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Five ways public sector managers can ignite innovation
It’s crucial that managers and leaders foster a culture of innovation and creative thinking within their teams, writes Gabriella Goddard
Artificial intelligence and digitisation are transforming the public sector, with procedures, data-collection, analysis and even decision-making becoming increasingly automated. In the face of this change, creativity and innovation are more important than ever for government workers.
Leaders in the public sector can help improve services and better engage workers by encouraging a culture where fresh ideas, new ways of working and innovation can thrive. However, a recent research report by YouGov and Microsoft showed that while 73 per cent of British workers surveyed considered themselves creative, they felt their workplaces were stifling innovation. Furthermore, the report showed that British companies are at risk of falling behind because of a failure to encourage creativity among their staff.
The good news is that managers can be proactive in enabling greater creativity in their employees by enhancing their own creative and innovation leadership skills. This will create a halo effect on the people around them.
Here are five ways public sector managers can become better innovators:
1. Encourage curiosity
The reality for most managers is that they spend their time fire fighting, working through their busy to-do list, and delivering short-term goals. Problems often get solved with the first answer that comes to mind. However, with the fast pace of technological change, we also need develop new ways of working and thinking.
Curiosity is about questioning the status quo, assumptions, and established beliefs. This involves encouraging exploration outside your field, researching best practice for inspiration, and new technological developments. For example, how could we use block chain technology to transform government practices and experiences? Or, how can the Internet of Things (IoT) make cities smarter by improving public transport or drainage systems? Or how can machine learning technologies lead to earlier diagnoses within the health system?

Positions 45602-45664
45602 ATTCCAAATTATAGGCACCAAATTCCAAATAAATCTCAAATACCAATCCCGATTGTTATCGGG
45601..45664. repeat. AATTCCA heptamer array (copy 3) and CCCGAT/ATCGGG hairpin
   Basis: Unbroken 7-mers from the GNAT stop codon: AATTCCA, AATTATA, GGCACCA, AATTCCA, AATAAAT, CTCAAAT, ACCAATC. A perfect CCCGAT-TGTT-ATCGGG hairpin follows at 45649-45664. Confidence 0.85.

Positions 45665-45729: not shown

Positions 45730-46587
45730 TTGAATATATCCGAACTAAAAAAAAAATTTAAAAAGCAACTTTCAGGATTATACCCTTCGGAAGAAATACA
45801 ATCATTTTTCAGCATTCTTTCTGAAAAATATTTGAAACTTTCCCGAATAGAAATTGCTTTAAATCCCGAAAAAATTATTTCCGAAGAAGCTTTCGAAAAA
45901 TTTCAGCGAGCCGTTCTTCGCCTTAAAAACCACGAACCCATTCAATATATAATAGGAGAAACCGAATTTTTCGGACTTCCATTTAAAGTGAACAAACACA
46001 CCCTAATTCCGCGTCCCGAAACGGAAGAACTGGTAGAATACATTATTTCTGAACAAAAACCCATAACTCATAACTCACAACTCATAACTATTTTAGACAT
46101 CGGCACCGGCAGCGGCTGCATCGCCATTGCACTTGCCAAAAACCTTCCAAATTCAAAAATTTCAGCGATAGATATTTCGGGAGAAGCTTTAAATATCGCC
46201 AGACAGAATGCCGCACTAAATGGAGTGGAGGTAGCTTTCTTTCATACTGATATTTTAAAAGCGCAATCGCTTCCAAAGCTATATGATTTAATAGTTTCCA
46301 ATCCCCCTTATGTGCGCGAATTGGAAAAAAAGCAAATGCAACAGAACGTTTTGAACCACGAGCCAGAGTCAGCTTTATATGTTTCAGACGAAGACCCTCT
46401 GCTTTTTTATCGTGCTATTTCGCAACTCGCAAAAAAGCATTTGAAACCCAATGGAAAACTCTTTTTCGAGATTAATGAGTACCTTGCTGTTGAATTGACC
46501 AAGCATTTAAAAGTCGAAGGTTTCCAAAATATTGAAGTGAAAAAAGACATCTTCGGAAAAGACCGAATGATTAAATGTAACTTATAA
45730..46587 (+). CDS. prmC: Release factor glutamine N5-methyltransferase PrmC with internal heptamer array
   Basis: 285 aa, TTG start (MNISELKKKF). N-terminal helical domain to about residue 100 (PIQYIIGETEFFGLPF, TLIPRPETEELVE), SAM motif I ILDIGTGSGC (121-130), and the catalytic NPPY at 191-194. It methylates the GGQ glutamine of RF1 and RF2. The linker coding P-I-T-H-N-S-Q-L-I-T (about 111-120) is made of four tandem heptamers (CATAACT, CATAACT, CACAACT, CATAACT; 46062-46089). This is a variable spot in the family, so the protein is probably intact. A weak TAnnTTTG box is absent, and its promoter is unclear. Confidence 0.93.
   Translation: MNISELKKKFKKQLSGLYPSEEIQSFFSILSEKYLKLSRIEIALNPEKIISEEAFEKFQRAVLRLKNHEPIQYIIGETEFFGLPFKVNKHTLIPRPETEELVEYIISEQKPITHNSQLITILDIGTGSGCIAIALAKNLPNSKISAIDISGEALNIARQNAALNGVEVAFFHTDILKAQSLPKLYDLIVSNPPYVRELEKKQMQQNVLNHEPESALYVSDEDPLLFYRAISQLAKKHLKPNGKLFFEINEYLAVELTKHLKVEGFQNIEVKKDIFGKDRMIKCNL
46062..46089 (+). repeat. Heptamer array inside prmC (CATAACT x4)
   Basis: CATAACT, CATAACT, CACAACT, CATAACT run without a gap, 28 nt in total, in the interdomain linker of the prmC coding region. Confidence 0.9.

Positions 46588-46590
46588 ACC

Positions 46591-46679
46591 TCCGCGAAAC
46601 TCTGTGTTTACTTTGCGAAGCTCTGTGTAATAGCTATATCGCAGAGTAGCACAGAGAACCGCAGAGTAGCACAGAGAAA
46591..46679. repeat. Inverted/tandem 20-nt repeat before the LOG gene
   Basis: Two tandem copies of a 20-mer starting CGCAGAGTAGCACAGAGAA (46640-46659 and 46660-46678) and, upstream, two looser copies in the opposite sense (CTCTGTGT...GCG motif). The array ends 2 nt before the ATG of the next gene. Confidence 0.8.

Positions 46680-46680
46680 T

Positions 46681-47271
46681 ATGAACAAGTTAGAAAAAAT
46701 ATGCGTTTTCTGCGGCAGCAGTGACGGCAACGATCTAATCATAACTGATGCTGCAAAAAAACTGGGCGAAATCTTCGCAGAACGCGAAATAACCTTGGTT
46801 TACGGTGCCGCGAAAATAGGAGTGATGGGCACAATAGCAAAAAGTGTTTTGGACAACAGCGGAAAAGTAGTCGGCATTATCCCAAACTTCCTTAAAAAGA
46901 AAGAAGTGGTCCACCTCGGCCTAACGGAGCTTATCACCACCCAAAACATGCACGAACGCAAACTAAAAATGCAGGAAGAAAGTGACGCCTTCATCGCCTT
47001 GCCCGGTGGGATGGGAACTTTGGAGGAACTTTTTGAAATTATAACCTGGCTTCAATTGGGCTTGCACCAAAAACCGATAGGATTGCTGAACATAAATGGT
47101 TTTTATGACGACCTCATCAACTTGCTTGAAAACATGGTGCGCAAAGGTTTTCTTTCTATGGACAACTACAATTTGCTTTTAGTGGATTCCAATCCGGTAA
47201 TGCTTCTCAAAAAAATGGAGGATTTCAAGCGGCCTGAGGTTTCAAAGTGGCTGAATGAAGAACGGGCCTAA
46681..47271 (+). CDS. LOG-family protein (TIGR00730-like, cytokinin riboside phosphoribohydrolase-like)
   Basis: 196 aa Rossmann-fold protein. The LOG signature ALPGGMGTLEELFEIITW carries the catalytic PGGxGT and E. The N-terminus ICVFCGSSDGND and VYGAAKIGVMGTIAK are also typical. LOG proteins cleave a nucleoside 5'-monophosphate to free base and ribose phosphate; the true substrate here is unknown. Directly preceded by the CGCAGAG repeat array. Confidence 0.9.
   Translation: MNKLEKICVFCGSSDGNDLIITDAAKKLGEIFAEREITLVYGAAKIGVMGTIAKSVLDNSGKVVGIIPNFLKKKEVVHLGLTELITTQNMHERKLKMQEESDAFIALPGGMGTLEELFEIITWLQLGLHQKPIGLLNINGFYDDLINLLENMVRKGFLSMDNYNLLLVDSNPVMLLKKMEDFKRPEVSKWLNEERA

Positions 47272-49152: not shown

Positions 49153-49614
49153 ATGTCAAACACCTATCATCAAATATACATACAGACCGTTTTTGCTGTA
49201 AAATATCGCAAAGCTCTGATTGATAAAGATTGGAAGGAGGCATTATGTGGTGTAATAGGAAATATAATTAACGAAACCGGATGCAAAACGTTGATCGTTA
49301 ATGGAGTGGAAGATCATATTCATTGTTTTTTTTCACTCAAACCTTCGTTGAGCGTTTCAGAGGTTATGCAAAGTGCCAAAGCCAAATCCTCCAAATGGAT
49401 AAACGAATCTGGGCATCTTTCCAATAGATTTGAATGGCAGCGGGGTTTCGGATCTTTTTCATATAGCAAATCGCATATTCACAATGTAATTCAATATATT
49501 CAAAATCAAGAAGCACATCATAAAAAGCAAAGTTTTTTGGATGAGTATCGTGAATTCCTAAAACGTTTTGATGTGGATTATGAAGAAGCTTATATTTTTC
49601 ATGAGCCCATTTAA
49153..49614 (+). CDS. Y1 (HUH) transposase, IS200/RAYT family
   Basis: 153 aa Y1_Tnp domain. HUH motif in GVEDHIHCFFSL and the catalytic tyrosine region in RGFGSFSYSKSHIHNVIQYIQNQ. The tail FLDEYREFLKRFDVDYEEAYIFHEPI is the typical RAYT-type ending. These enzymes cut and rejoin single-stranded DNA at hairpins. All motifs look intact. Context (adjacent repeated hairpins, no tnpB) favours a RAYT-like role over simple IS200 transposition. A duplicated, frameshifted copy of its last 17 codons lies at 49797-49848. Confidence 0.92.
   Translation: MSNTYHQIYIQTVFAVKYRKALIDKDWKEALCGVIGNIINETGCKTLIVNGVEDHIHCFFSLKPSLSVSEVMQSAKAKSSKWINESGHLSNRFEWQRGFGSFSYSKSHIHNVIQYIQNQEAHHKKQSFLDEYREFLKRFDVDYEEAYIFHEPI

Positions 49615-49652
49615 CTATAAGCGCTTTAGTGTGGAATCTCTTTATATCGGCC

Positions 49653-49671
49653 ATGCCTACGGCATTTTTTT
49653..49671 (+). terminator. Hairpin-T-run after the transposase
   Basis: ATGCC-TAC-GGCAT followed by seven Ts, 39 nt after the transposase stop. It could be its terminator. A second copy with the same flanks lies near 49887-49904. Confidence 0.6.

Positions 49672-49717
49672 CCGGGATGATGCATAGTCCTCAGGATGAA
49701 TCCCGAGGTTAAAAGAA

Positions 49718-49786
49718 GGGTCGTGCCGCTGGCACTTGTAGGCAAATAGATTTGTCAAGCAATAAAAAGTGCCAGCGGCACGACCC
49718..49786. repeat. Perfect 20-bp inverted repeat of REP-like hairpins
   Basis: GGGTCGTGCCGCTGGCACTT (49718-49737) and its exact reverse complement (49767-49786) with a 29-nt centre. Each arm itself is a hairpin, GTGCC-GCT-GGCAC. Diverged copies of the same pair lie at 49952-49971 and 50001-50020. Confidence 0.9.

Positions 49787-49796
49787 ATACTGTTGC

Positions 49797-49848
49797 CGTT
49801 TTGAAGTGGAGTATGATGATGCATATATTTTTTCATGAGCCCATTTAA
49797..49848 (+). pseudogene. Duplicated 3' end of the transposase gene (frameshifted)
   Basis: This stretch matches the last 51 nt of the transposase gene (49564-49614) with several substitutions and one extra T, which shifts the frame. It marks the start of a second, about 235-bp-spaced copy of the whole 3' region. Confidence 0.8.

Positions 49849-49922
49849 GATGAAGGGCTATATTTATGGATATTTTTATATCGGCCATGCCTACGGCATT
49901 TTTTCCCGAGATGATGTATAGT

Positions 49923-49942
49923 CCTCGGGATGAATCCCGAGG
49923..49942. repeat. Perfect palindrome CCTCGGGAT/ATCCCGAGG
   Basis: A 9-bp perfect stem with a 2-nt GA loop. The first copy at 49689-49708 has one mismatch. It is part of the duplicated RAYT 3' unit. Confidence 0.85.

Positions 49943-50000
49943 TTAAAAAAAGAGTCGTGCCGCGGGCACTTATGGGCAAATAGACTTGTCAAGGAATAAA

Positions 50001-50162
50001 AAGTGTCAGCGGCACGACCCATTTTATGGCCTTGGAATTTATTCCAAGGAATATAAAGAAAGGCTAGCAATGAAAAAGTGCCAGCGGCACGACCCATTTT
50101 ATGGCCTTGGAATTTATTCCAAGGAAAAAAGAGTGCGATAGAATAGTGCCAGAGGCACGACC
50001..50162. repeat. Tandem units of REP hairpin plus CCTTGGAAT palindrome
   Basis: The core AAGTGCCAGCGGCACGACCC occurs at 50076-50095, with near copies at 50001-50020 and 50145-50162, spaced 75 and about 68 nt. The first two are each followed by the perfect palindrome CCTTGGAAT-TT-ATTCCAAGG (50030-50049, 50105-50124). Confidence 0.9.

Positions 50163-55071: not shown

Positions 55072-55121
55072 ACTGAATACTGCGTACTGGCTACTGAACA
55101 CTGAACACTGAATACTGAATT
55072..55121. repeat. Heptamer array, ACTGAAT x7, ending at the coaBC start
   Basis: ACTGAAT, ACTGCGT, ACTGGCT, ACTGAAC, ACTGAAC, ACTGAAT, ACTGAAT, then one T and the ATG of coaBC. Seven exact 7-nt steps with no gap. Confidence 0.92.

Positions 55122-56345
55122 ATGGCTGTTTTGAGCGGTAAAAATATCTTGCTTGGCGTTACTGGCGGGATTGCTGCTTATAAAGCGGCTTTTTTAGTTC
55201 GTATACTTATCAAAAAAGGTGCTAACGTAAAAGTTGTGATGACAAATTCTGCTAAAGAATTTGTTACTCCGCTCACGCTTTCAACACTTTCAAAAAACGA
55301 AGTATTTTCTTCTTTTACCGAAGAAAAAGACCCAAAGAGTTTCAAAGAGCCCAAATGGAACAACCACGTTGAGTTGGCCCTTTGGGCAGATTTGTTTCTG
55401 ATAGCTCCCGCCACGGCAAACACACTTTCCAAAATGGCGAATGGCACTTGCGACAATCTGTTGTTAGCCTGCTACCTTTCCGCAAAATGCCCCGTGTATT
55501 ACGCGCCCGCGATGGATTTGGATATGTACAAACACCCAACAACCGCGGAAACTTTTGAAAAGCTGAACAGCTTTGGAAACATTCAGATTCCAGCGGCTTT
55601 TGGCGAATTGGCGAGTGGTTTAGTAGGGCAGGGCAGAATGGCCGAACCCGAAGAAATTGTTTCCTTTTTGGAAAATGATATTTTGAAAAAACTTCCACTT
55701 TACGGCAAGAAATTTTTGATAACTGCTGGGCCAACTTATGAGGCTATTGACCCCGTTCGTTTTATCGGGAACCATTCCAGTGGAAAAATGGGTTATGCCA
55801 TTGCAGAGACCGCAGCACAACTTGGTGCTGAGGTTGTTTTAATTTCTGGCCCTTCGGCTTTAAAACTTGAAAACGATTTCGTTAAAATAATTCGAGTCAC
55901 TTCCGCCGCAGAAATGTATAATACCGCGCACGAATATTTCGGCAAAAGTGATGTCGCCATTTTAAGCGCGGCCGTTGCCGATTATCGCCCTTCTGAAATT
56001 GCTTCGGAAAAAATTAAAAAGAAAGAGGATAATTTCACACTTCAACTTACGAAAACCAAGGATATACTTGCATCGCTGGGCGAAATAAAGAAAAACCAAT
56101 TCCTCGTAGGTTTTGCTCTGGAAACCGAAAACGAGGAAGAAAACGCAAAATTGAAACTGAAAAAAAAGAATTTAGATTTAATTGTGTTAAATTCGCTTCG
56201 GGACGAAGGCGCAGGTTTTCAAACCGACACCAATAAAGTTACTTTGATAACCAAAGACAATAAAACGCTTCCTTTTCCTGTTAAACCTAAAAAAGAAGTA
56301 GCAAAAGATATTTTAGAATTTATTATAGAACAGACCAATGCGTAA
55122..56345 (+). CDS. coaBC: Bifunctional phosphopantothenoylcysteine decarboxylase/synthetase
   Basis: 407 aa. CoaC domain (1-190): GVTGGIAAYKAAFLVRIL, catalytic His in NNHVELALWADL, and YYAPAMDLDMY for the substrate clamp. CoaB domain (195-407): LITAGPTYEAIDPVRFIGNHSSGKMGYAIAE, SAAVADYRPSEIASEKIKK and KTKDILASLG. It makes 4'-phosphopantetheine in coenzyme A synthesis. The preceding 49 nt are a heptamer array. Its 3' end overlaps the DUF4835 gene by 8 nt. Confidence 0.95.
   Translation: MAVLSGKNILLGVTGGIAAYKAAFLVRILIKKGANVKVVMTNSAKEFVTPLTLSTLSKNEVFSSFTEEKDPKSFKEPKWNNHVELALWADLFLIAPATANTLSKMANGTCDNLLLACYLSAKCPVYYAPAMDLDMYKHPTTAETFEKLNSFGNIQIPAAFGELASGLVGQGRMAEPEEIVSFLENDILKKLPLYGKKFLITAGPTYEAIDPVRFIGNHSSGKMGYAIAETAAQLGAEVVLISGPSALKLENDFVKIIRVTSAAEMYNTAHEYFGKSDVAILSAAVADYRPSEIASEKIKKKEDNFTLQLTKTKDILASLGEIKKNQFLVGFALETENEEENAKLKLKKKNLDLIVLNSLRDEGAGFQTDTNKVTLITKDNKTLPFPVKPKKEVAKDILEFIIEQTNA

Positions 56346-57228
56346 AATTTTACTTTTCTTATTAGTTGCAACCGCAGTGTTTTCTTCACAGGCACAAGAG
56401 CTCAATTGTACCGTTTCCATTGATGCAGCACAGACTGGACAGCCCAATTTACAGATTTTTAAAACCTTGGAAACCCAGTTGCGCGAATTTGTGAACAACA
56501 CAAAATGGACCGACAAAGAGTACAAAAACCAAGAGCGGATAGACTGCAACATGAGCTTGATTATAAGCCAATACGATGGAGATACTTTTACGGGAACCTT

2. Take a coaching approach
Employees, especially those working at the coalface, are often brimming with good ideas on how to improve things. However, they may not feel confident sharing their ideas, especially if they are unproven and could fail. In order to empower employees to think for themselves and boost their confidence to develop their best ideas further, managers can take a coaching approach. This involves keeping an open mind, practicing active listening and asking more exploration questions like ‘what about?’ and ‘how might we…?’
For example, Sean Frayne, chief officer at Derbyshire fire service, decided to listen to employee ideas and feedback, saying: “Some people still think managing people is about telling them what to do. From my experience it is about motivating, coaching them and encouraging them to be the best they can be.”
After he inspired a change in the culture, independent assessors found that even in the face of budget cuts, they could not find a single employee nor partner who would say anything negative about the service.
3. Develop user centricity